Tiffany and Co New York 1894.

Limited Edition of 30.

The theme of the decoration on the vase is the wind and the sea. Seven conch blowers arise from the surf and are gathered around the neck of the vase.

  1. Turning the basic shape of the vase in wax on the lathe.
  2. The wax is then carved with the details of the pattern.
  3. The first prototype is cast from the wax.
  4. The vase is then assembled and the seven conch blowers are soldered to the main body.
  5. The finished polished and hallmarked vase.

Gentleman's Travelling Canteen

Attributed to Ebenezer Oliphant 1740.

Limited Edition of 30.

Containing: 2 silver drinking beakers, gilded on insides.
Turned boxwood receptacle for 2 sets of cutlery, container for salt and pepper, corkscrew with nutmeg grinder.
The cutlery, knife, fork and spoon are all in two pieces screwed together for use.

  1. Turning the boxwood insert on the lathe.
  2. The competed boxwood insert showing holes for utensils.
  3. The outer canteen has been 'stopped off' and is ready for gilding.
  4. Gilding completed.
  5. Finished Gentleman's Travelling Canteen.

Griffin Ewer

Originally made in Germany in 1120. The Griffin is a fantastical creature that combines the head and claws of a lion with the wings of an eagle. In antiquity the griffin held a positive image as a protector and guardian. From the 12th century onwards, ewers depicting creatures such as lions and unicorns were very popular. They were made in precious metals. Ewers were vessels used for washing hands.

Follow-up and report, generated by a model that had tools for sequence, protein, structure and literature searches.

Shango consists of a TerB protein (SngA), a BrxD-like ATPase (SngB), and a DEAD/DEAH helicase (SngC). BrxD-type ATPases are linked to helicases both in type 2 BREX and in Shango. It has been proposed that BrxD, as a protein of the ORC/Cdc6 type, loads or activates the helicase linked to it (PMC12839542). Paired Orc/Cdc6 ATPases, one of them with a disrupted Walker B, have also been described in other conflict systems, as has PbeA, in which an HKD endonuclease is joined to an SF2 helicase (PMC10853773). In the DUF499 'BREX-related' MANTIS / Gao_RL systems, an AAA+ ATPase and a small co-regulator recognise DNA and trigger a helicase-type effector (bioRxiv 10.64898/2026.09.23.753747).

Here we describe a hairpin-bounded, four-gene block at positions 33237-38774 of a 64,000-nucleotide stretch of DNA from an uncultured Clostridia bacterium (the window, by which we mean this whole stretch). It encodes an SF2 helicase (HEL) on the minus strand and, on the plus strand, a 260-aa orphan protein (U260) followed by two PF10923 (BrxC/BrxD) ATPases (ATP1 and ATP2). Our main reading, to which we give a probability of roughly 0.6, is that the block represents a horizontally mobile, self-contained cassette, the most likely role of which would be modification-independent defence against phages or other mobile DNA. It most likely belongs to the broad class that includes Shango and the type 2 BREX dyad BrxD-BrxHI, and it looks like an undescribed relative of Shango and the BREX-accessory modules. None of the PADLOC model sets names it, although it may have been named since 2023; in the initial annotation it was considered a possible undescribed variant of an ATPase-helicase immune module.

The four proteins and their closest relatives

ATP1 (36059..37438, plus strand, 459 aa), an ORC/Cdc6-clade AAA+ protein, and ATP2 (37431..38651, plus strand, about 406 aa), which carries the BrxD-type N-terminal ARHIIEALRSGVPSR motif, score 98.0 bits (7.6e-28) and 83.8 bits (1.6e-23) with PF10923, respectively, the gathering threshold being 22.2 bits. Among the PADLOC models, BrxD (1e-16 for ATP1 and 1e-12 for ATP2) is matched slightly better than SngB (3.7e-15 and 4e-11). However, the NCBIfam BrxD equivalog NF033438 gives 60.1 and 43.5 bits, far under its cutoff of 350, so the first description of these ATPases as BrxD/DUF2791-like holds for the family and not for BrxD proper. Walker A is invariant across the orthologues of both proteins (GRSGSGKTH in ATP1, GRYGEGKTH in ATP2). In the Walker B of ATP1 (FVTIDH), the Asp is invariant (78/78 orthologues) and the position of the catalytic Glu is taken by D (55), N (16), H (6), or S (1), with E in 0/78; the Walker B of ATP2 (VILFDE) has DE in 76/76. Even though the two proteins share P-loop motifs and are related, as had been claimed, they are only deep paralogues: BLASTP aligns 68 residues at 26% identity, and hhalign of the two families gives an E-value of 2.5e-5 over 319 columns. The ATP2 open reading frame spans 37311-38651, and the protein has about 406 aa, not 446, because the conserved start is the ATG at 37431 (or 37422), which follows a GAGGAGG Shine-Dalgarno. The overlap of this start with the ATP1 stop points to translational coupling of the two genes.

My 12th scale piece is made in sterling silver and partly gilt. I am making a limited edition of 50 (£360).

  1. Block of wax with tools and drawing.
  2. Jens carving.
  3. Wax, in progress.
  4. First casting in silver.
  5. The finished Ewer.

Creating the Pokal

1. First step of making the master pattern. The Pokal is turned in brass on the lathe.

2. I then carve and engrave the shape and surface decoration.

3. (close-up)

4. Here we have the first casting in Sterling Silver before cleaning up and applying final details.

5. Completed Pokal. It has been Hallmarked and Gilded appropriately.

Latest Limited Edition

Here we have a Herb and Oil box, originating in 1680 in Holland. The interior of the wooden box is divided into 9 compartments with equal number of porcelain flasks. The delicate Japanese porcelain bottles are decorated with vines and plants. The flasks each have a silver neck with a silver stopper. On the bottom of the bottles is the mark VOC. This means Vereenigde Oost-Indische Compagnie, in English, United East India Company.

The flasks would have been filled with oils extracted from spices like nutmeg, cinnamon and sandalwood.

The 12th scale Limited Edition is made by 3 craftsmen;
The wooden box is made by Geoffrey Wonnacott. The porcelain bottles are made by Terry Curran and the silver work by Jens Torp.

This is a Limited Edition of 30 boxes.